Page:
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Economic Native Plants of New ZealandBOOK REVIEWS

Economic Native Plants in New Zealand

By S. G. Brooker, R. C. Cambie and R. C. Cooper
Published by Botany Division, DSIR, Christchurch, 1988
$NZ19.95

Reviewed by A. R. Ferguson
Division of Horticulture and Processing, DSIR
Private Bag, Auckland

Most of the world's really important crop plants have been grown for hundreds or even thousands of years and are now dispersed widely from their natural centres of origin. Many garden plants, especially those of temperate regions, have likewise spread around the world.

The early colonists who came to New Zealand brought plants with them. The Maori introduced some crop plants such as the kumara, taro and the yam and managed to keep them in cultivation, perhaps for a thousand years. The journals of Cook and of Surville indicate that the Maori also cultivated a small number of indigenous plants such as the kowhai ngutu-kaka (Clianthus puniceus) for its flowers and the karaka (Corynocarpus laevigatus) for its fruit.

The European colonists in turn brought many more economically important plants and they also brought ornamentals, plants that reminded them of the countryside and the homes that they had left, plants that made their new surroundings less strange and less threatening. The introduction of plants to New Zealand continues today. Our gardens are still very dependent on the plants brought mainly from Britain, not just the plants coming from Europe but also those that were introduced to Europe from North America, Asia or other Southern Hemisphere countries.

We are therefore accustomed to grow in the one garden, plants from different parts of the world, although there is now an increasing tendency to grow our own native plants. New Zealand plants are well adapted to our environmental conditions and they are resistant to, or tolerant of, many local pests and diseases. Many of them are attractive or interesting plants. More important, perhaps, they give a special and recognisably New Zealand ambience to our landscapes. Some plants have become almost ikons — the cabbage trees of Russell Clark, for example, leave us in no doubt that his paintings are of New Zealand. What was once strange or different now gives us a feeling of security, an awareness of place. Thus for New Zealanders one of the important attributes of our native plants is their very familiarity, the fact that we have grown up with them. As a result we tend to forget that in other countries these plants may actually appear strange, novel, or even exotic.

When we think of the origins of our garden plants we usually think of introduced plants and how they have come to us from other countries. Too often we forget that the movement and transfer of plants can be a two way process. The first part of Economic Native Plants of New Zealand provides a valuable and most interesting corrective: it gives a brief account of the early investigations of the New Zealand flora and then describes the attempts to introduce these plants into cultivation in Europe. This part of the book can usefully be read in conjunction with Bruce Sampson's Early New Zealand Botanical Art.

The exploration of New Zealand revealed a whole new flora to European science and it is difficult for us now to realise how exciting it must have been to be a botanist in the late eighteenth century, during the nineteenth century or in the first part of this century. New plants kept pouring in, first from the Americas, and then from Australasia, Southern Africa and Asia. It was not just the botanists who were excited — the interest of horticulturists was also aroused and collecting trips were made to bring back living material, especially from temperate regions where the plants are well suited to the climates of Europe and North America. Travelling to strange countries and obtaining herbarium specimens was hard enough but it was much harder to collect propagating material and get this home still alive. Subsequent propagation and establishment were even more difficult.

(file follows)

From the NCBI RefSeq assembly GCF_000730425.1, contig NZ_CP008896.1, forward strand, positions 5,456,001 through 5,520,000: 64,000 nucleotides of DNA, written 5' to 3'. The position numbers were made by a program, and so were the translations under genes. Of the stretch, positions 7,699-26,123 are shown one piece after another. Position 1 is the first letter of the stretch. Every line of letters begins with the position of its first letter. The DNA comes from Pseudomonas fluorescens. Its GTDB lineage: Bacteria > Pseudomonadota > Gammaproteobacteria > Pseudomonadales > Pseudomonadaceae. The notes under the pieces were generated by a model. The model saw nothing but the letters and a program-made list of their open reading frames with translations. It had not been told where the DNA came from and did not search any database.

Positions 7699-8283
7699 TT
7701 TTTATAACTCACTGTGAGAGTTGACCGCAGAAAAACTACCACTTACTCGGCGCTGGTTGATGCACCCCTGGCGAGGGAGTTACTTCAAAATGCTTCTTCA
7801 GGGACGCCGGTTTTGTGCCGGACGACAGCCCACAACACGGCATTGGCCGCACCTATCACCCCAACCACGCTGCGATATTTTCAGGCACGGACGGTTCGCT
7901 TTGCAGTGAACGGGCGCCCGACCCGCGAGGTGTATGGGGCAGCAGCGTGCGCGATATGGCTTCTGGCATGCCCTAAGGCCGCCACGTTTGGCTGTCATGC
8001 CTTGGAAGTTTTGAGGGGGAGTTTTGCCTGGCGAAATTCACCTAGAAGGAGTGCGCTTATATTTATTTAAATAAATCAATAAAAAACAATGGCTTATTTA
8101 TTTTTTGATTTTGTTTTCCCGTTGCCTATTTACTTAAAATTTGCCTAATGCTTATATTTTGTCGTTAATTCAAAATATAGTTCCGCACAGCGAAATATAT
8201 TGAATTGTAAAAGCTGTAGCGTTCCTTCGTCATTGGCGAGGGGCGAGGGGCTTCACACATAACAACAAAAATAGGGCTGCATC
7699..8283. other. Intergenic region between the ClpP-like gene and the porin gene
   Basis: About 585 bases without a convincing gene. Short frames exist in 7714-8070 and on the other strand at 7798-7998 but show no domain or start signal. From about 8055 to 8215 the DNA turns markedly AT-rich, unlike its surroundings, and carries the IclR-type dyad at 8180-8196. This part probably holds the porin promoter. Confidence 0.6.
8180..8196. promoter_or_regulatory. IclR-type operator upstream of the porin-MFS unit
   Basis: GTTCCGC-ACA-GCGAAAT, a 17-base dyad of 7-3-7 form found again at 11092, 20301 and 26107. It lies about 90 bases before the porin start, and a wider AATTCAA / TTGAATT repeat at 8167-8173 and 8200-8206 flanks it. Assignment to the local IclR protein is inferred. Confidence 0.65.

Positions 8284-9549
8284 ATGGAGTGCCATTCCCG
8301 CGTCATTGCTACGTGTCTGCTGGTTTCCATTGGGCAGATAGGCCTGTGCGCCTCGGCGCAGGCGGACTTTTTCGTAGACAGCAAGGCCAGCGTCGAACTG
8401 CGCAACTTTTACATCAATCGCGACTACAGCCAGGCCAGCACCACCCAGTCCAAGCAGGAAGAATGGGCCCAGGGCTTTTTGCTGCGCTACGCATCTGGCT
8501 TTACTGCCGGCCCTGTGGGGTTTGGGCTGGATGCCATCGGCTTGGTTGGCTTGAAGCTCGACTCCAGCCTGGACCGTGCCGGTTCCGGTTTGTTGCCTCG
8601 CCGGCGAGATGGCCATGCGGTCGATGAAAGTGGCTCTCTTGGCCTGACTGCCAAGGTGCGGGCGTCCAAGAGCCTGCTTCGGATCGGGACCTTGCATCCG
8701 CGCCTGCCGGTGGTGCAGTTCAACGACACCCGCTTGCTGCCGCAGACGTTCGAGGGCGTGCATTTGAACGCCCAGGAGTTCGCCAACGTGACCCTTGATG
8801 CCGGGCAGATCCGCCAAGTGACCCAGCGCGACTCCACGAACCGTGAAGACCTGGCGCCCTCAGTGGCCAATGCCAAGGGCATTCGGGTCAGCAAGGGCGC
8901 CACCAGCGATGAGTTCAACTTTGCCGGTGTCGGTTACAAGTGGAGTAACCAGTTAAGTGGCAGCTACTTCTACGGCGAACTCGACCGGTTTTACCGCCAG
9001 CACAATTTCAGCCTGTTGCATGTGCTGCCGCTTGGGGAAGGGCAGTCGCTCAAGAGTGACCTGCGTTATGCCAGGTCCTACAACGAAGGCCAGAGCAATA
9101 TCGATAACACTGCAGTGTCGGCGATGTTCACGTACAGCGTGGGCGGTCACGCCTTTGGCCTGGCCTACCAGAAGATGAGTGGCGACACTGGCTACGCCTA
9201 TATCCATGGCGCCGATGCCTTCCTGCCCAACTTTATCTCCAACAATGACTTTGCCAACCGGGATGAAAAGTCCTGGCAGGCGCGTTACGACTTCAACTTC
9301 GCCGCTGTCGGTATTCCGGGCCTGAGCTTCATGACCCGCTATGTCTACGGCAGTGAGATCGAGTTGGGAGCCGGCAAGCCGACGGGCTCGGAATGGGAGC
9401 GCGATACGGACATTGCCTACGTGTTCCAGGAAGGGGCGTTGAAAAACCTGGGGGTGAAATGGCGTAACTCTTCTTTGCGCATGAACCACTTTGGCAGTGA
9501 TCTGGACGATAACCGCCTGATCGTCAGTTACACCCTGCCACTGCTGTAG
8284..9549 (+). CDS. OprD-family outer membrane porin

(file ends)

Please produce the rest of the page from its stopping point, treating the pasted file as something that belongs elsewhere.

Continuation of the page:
It is astonishing to learn from Economic Native Plants of New Zealand how little time elapsed between Cook's first voyage and New Zealand plants being grown, illustrated and described, and even offered for sale in Europe. The Endeavour arrived at what Cook named Poverty Bay in 1769 and seeds collected in New Zealand were back in England by 1771. The kowhai (Sophora tetraptera) had flowered by 1779 and was illustrated in a plate published in 1780. It was again illustrated the following year, this time in Curtis's Botanical Magazine, and was being offered for sale — by London nurserymen by 1783. Even more remarkable, Leptospermum scoparium was being offered for sale by nurserymen in 1778, the price of 7s 6d no doubt indicating its rarity. Some plants (e.g. what we now know as Haloragis erecta and Tetragonia tetragonioides) were described and illustrated from plants raised from seed. The authors detail how seeds from Cook's third voyage were widely distributed throughout Britain and to some of the great botanical gardens in Europe.

The more spectacular plants deservedly received much attention. The text accompanying the plate of the kowhai in Curtis's Botanical Magazine (tab. 167, 1791) stated, "A finer sight can scarcely be imagined than a tree of this sort ... thickly covered with large pendulous branches of yellow, I had almost said golden flowers; for they are of a peculiar richness, which is impossible to represent in colouring ...". According to Index Londinensis seven illustrations of the kowhai were published before 1800 and another seven by 1840. Clianthus puniceus, raised from seed gathered by the missionaries, obviously created an even greater impression when it first flowered — it was figured nine times between 1835 and 1838. John Lindley wrote in the Transactions of the Horticultural Society of London (2nd Series, vol. 1, 1835, tab. 22) that if Clianthus proved a hardy plant, "... its extraordinary beauty will render it one of the most valuable species that have been introduced of late years ...". It is unfortunate that many of our choicer plants are just not sufficiently hardy to survive European winters, but, as nurserymen such as Graeme Platt have suggested, this problem might be overcome by use of more suitable ecotypes. Less impressive plants were also figured, and Bruce Sampson in Early New Zealand Botanical Art notes that 135 New Zealand species have so far been illustrated in Curtis's Botanical Magazine, a fair representation of our flora.